Key Takeaways

The specific deficiencies noted in the Risk Alert and those noted herein can be avoided, or at the very least the risk of Marketing Rule violations mitigated, if Advisers’ Marketing Rule-related compliance policies and procedures are reasonably designed and properly implemented. For compliance policies and procedures to be reasonably designed, Advisers should (i) tailor them to the specific nature, size, and complexity of their business activities; (ii) follow a risk-based approach by taking into account their risk profile and identifying and addressing the most significant risks associated with their operations; (iii) draft the policies and procedures in a clear and understandable manner; (iv) ensure the policies and procedures are actionable in that they provide clear guidance and are feasible to implement within the firm’s operational framework; (v) ensure the policies and procedures are subject to risk-based reviews and updated to reflect changes in laws, rules, regulations, industry practices, and the firm’s operations; and (vi) incorporate training on such policies and procedures and establish escalation channels. Reasonably designed policies and procedures alone, however, are not enough. Advisers should also endeavor to foster a culture of compliance, which starts with the “tone from the top” whereby leadership sets the tone for compliance with laws, rules, and regulations and adherence to company policies and procedures.6

While the Risk Alert offers valuable guidance to Advisers grappling with Marketing Rule compliance, it is worth noting that the SEC has yet to release more detailed FAQs or risk alerts regarding the more nuanced aspects of the Marketing Rule. For example, the industry is eagerly seeking further clarification on calculating net performance across various scenarios, underscoring the need for additional guidance in navigating the gray areas of compliance under the Marketing Rule. In addition, while none of the Marketing Rule enforcement actions to date have directly addressed violations in the institutional context (e.g., private funds), the private funds industry should not be complacent with Marketing Rule compliance and should expect to see an increasing number of enforcement actions against private fund advisers as the 2024 examination cycle continues.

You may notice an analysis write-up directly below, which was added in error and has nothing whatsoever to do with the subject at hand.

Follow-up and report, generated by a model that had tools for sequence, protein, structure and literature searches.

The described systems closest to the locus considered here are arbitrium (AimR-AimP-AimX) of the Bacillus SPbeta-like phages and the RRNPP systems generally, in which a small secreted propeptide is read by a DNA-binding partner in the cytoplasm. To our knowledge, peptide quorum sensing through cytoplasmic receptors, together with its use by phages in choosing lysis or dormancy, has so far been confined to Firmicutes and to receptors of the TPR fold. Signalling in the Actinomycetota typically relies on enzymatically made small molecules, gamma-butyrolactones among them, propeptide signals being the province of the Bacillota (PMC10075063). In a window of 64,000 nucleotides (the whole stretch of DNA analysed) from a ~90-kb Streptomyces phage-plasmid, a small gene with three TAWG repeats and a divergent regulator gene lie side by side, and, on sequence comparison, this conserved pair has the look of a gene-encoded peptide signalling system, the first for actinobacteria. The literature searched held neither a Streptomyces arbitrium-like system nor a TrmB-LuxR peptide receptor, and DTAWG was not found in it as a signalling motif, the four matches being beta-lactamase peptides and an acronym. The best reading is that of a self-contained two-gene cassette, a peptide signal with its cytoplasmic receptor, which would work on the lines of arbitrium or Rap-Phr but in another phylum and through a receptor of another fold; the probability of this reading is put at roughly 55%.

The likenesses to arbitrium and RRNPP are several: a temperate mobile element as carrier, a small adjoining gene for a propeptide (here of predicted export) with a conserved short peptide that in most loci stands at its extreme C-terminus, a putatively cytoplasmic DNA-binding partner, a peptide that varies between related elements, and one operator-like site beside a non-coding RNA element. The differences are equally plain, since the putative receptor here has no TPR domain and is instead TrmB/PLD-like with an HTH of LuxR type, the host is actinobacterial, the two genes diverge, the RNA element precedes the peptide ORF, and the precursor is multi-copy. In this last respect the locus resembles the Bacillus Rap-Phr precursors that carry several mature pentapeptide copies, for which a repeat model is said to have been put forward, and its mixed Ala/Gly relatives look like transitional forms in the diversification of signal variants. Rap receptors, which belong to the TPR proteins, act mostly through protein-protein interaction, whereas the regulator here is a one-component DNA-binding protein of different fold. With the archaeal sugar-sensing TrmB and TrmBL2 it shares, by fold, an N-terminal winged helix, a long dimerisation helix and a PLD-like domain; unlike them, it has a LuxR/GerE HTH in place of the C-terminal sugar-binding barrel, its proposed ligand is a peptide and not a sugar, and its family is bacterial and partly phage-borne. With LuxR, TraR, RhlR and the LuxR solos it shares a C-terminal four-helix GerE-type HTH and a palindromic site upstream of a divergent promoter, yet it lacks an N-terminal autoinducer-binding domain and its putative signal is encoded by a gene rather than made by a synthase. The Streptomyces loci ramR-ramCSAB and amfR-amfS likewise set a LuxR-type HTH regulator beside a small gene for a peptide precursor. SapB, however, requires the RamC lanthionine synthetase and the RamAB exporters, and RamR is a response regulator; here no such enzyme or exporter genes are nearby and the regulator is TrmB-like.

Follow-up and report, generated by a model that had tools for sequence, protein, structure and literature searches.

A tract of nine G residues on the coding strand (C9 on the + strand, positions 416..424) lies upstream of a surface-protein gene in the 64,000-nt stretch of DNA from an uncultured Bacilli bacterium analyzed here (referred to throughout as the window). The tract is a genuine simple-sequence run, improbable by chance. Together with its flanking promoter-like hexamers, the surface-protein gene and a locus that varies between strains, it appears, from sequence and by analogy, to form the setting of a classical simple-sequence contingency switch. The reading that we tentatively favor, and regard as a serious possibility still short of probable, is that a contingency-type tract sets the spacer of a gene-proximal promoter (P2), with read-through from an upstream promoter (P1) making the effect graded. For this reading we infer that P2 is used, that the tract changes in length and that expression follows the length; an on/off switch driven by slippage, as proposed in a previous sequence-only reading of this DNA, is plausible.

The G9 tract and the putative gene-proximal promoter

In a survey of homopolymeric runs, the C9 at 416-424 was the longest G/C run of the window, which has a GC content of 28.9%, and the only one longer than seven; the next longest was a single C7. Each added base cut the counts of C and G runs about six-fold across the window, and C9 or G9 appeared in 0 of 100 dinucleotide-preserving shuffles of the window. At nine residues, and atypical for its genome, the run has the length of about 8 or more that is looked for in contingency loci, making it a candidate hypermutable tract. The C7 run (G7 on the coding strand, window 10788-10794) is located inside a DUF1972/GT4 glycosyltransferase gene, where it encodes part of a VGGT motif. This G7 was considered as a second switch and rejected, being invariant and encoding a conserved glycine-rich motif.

We recommend all Advisers review the Division’s specific observations in the Risk Alert and compare them with their own practices. The Risk Alert should serve as an inflection point for Advisers to critically evaluate and enhance their Marketing Rule-related compliance policies and procedures as the SEC continues to watch for violations of the Marketing Rule.  

Please contact any of the listed authors of this Client Alert or your usual Lowenstein Sandler contact if you have any questions with respect to the Risk Alert; Marketing Rule policies, procedures, and/or associated trainings; or any other related legal or compliance matters. 

3 See 17 CFR §275.206(4)-7.
4 Note that this figure only contemplates enforcement actions under the new Marketing Rule. Please further note that 2 of the 17 firms voluntarily elected to comply with the new Marketing Rule prior to the November 4, 2022 compliance deadline. Thus, their violations occurred prior to the new Marketing Rule’s compliance date. 
6 Note that this applies generally to all compliance matters.